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What Is the Primary Sugar in Milk?

author image Amanda Burton
Amanda Burton is a registered dietitian who has been writing professionally since 2005. Her publications have included articles for LIVESTRONG.COM, eHow and "Downhome" magazine. Amanda is a Master of Science candidate in nutrition and currently operates a nutrition counseling and consulting practice called Recipe for Health in Atlantic Canada.
What Is the Primary Sugar in Milk?
Lactose is the primary sugar in milk and milk products. Photo Credit bigbigbb12/iStock/Getty Images

Milk contains many nutrients, including carbohydrates, proteins, fats, vitamins and minerals. Sugar is a specific type of carbohydrate, and lactose is the primary source of sugar in milk. Lactose is a disaccharide, meaning it is composed of two smaller sugars, namely glucose and galactose. It is less soluble than the other types of dietary sugars and has about one-sixth the sweetness of pure glucose.

Lactose in Milk Products

Since lactose is naturally found in milk, it also is referred to as milk sugar. The lactose content of milk and milk products varies. Generally, milk has the most lactose, with about 9 to 14 g for a one-cup serving, although low-fat yogurt contains similar amounts. Ice cream and ice milk typically contain 7 to 10 g for a one-cup serving. Except for cottage cheese, which has 7 to 8 g in a 2 oz. serving, cheeses typically contain very little lactose.

Lactose in Other Foods

Lactose is found predominantly in milk and milk products, but occasionally it is used for brewing beer and also might be added to various foods and beverages. To determine if a particular food contains lactose, read ingredient lists. Other food that might contain lactose include whey, curds, cheese flavors, nonfat milk powder, nonfat milk solids, sweet or sour cream, buttermilk and malted milk.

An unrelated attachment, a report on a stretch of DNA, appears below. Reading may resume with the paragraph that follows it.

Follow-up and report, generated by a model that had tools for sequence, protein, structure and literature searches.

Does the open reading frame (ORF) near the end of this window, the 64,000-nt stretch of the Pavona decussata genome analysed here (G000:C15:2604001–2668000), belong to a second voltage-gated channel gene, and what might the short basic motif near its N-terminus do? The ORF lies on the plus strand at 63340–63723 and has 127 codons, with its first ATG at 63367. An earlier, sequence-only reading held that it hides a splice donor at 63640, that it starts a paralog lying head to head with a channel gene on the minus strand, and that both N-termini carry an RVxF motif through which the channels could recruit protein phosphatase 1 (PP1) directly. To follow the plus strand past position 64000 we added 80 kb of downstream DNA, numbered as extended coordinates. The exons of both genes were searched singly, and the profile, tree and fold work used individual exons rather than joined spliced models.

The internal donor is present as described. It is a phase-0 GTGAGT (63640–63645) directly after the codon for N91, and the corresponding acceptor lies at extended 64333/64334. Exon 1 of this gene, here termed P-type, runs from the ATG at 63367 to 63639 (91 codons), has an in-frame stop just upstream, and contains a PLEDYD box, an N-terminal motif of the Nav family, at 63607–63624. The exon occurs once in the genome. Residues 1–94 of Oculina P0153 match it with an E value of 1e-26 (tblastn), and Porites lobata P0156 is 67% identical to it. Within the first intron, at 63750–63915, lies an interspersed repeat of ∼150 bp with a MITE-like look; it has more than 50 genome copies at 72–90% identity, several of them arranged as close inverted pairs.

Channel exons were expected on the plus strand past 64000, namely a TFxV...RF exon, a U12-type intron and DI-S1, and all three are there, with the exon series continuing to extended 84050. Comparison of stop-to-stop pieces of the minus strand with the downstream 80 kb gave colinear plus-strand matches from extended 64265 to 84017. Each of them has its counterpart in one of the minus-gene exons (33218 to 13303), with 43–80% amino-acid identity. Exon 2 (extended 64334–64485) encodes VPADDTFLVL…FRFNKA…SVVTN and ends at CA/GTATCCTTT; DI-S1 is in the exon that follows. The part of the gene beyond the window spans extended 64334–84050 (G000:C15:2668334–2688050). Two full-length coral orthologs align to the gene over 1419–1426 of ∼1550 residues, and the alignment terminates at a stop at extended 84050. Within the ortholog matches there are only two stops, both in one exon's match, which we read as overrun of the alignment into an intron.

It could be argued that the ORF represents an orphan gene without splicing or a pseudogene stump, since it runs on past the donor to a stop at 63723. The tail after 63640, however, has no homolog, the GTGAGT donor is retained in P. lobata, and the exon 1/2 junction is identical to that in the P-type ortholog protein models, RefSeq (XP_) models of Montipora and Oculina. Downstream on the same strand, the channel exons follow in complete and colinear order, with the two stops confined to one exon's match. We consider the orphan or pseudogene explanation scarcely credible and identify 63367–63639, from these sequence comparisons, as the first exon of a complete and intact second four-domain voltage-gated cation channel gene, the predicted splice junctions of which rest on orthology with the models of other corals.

Lactose Intolerance

In most mammals, the production of lactase, the enzyme that digests lactose, declines with age and a lack of dietary intake. Lactose intolerance is caused by a partial or total lack of lactase. Modern Nutrition in Health and Disease estimated that as much as 75 percent of the world's population is lactose intolerant.

Clinical Assessment

Several tests exist for determining lactose tolerance. Direct measures include a small intestine biopsy or intestinal perfusion. Direct methods can be invasive and carry complications, so are seldom used. Indirect methods for assessing lactose tolerance include breath tests, blood tests, urine and fecal tests, and assessment of intolerance symptoms. The breath hydrogen test is most widely utilized. It is based on the assumption that lactose escapes digestion and becomes fermented in the large intestine, producing hydrogen gas.

Improving Lactose Intolerance

According to Dietitians of Canada, lactose tolerance might be improved through eating small amounts of foods with lactose foods daily. This can include eating lactose-containing foods as part of a meal, or drinking lactose-containing beverages, such as milk, with food. As little as 6 g of lactose a day, or one-half cup of milk or yogurt, can help to decrease symptoms. Interestingly, cold milk is frequently better tolerated than warm, and chocolate milk better than white.

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